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Friday, February 18, 2011

Emo Philips keeps it old school at NC Comedy Arts Festival

Posted by on Fri, Feb 18, 2011 at 11:14 AM

  • Photo by Andy Hollingworth
Comedians are often friendly and thoughtful people in interviews, but rarely are they actually funny. But Emo Philips proves the exception to the rule, rambling off sometimes a dozen hilarious one-liners in the course of a single sentence.

Here, for example, is his explanation as to why he’s playing the NC Comedy Arts Festival at Cat’s Cradle:

“Well, about two years ago, I played Charlie Goodnight’s in Raleigh, and (festival creator) Zach Ward came up to me afterwards, and asked, ‘Would you like to play this festival?’ And I thought, ‘Boy, it’d be nice to play a slightly different market.’ Because Charlie Goodnight’s is amazing, but this festival is pretty far away, and it’s probably going to skew a tad younger, and it’s good to get the younger generation excited about me, because by the time I go back to Charlie Goodnight’s again they’ll all have families and they can afford me with their jobs working for the government, monitoring people’s thoughts or whatever we’ll be doing, I don’t know how technology is going. But then again, an asteroid might be heading toward Earth by 2036, so that takes the pressure off considerably.”

[The club formerly known as Charlie Goodnight's is now called simply "Goodnight's Comedy Club."—Editor]

Philips came to prominence in the 1980s, with his witty wordplay and bird-like voice and features granting him a distinct stage presence. He’s toned down his look—gone is the Prince Valiant haircut from his early years on stage—but there’s no mistaking the voice that uttered such classic one-liners as, “Some mornings it just doesn't seem worth it to gnaw through the leather straps.”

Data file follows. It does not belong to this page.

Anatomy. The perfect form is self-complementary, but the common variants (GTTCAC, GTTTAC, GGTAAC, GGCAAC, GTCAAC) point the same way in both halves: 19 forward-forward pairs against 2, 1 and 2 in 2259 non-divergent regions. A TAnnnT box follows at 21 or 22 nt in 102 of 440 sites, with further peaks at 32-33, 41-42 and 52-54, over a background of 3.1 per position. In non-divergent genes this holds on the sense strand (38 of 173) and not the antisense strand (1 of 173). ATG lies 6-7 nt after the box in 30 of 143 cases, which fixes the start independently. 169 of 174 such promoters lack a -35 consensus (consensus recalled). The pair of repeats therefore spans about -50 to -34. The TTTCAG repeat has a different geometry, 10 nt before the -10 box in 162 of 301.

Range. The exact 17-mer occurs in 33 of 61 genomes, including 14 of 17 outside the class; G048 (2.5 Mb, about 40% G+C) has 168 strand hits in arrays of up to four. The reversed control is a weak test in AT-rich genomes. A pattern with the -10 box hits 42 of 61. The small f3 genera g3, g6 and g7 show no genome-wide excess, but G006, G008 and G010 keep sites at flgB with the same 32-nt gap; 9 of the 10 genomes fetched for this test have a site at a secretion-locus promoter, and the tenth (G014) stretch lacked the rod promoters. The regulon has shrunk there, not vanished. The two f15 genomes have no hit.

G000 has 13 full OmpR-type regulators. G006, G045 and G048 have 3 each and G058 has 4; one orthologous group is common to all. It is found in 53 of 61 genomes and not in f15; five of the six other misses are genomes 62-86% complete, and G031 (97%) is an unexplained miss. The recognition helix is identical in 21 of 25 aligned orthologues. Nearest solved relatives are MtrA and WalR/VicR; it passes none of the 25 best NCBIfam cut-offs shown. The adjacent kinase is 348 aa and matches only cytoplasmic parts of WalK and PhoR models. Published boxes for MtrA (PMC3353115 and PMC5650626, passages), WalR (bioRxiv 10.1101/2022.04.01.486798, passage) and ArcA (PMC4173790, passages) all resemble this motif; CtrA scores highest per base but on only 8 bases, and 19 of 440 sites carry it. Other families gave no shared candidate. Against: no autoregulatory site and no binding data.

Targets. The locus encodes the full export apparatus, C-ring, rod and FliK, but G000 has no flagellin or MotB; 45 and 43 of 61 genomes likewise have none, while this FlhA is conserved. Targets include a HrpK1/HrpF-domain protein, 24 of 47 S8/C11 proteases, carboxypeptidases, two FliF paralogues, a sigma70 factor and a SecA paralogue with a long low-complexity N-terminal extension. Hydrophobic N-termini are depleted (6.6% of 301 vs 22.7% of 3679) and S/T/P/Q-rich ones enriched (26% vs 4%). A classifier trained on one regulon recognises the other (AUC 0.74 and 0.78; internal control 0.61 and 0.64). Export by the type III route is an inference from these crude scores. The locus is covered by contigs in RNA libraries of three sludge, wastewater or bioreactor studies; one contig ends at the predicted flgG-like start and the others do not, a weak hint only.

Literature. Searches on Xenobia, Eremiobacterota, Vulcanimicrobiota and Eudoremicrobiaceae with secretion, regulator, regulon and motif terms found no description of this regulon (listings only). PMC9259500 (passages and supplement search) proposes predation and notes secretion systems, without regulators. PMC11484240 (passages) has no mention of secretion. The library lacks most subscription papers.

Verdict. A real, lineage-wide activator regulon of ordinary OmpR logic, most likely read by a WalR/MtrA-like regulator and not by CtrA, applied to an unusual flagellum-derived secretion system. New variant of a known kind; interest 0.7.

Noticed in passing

He often uses religion in his humor (a few years ago, one of his longer jokes was picked as the best religious joke of all time).

“For some reason, religious jokes seem as trivial as jokes about food or driving,” Philips says.

He says that religion is a topic that almost everyone in an audience can relate to. "Even if you don’t care about religion, your neighbor might, if he votes.”

Philips admits times have changed since he started doing stand-up.

“A few days ago, it was my birthday, and it was in the newspaper, and growing up I never would have guessed that a) my name would be in the newspaper, and b) that I might outlast those papers.”

Even in today’s age of MySpace, YouTube and Funny Or Die, Philips remains a staunch supporter of old-school stand-up comedy. Still, he’s adapted to new media (“My latest Facebook fan is a teenage girl studying drama, kind of like a Mexican taking Spanish”), but he doesn’t text and needed confirmation from this reporter to confirm that “LOL” stands for “laugh out loud.”

He prefers the communal feeling of a live show to a tiny screen on the Internet.

“I understand if you want to stay home and watch me on YouTube, but it’s like incest—you’re putting convenience over quality.”

Emo Philips plays Cat’s Cradle Friday, Feb.18 at 9 p.m. as part of the NC Comedy Arts Festival. He has been in town all week, though, and additional sightings are possible.

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